Rangers and Celtic fans cheer in the stands during an Old Firm derby (Reuters)
Rangers and Celtic fans cheer in stands during Old Firm derby (Reuters)

A new law designed to punish those who take part in religious hatred associated with football has come into force in Scotland.

The Offensive Behaviour at Football and Threatening Communications (Scotland) Act 2012 has created two new offences, which both carry maximum penalties of five years and an unlimited fine.

The first offence targets hateful, threatening or otherwise offensive behaviour at and around football matches and covers singing sectarian songs, a common occurrence during games between Rangers and Celtic.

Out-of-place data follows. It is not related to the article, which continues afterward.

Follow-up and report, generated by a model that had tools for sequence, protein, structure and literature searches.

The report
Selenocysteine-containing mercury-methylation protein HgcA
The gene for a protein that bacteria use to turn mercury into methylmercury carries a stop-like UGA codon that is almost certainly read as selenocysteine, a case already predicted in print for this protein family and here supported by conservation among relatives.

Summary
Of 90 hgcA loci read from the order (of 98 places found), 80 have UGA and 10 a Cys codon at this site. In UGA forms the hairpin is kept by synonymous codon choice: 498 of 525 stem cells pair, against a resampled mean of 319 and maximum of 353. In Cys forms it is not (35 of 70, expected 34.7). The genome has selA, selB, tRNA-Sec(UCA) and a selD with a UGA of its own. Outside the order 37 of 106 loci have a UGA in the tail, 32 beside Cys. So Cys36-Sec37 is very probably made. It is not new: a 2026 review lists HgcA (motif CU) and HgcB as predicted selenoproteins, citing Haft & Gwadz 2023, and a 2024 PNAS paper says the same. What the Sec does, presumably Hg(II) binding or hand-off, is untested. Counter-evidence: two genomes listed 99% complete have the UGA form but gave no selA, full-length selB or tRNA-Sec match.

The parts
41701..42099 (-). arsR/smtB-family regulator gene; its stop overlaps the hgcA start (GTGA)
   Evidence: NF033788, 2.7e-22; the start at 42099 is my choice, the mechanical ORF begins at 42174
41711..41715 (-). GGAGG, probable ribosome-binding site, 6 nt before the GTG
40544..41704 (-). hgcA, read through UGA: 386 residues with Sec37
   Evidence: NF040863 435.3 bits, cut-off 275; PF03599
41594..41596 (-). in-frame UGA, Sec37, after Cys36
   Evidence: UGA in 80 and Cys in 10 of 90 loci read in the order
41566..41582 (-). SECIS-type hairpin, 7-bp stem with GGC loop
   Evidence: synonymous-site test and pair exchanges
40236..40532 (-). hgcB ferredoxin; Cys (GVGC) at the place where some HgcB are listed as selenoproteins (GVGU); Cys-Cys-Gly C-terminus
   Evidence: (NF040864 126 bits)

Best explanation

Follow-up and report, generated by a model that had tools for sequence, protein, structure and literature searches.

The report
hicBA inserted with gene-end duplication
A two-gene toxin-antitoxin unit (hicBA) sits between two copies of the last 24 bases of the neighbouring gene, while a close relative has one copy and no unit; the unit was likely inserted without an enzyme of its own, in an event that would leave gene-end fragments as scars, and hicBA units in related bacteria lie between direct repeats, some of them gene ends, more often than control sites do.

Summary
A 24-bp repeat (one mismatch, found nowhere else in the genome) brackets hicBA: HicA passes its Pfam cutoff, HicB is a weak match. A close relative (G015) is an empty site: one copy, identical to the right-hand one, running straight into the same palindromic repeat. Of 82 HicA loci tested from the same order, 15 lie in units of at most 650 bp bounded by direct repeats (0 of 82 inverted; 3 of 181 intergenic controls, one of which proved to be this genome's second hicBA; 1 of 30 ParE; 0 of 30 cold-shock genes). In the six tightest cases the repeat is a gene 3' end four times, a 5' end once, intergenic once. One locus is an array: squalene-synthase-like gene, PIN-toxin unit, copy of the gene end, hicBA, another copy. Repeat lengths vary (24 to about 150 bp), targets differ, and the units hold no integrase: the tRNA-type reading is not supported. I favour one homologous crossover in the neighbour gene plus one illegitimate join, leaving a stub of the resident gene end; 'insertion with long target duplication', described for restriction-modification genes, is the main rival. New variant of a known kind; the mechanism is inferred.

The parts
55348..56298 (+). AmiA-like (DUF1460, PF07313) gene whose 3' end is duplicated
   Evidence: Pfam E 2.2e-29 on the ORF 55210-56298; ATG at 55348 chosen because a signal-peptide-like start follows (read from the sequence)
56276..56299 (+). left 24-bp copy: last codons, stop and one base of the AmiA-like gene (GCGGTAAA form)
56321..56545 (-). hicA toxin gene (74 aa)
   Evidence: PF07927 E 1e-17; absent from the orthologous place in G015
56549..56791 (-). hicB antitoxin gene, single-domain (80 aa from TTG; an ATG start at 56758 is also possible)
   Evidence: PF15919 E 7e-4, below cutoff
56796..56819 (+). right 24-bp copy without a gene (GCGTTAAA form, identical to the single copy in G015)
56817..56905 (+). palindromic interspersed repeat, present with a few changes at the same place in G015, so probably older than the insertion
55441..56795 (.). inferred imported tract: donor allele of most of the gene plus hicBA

Threatening posts or internet messages aimed at stirring up religious hatred are also targeted.

Minister for community safety and legal affairs Roseanna Cunningham said the majority of Scottish football fans had nothing to fear from the new legislation.

"This legislation will have no impact on the banter and passionate support that goes hand in hand with supporting football teams," she said.

"It is not about discouraging the competition and rivalry that is the lifeblood of football, it is about eradicating sectarianism and other unacceptable expressions of hate from our national game.

"These new laws make it very clear that religious hatred will no longer be tolerated and there should be no mistake that those who promote sectarianism will feel the full force of the law."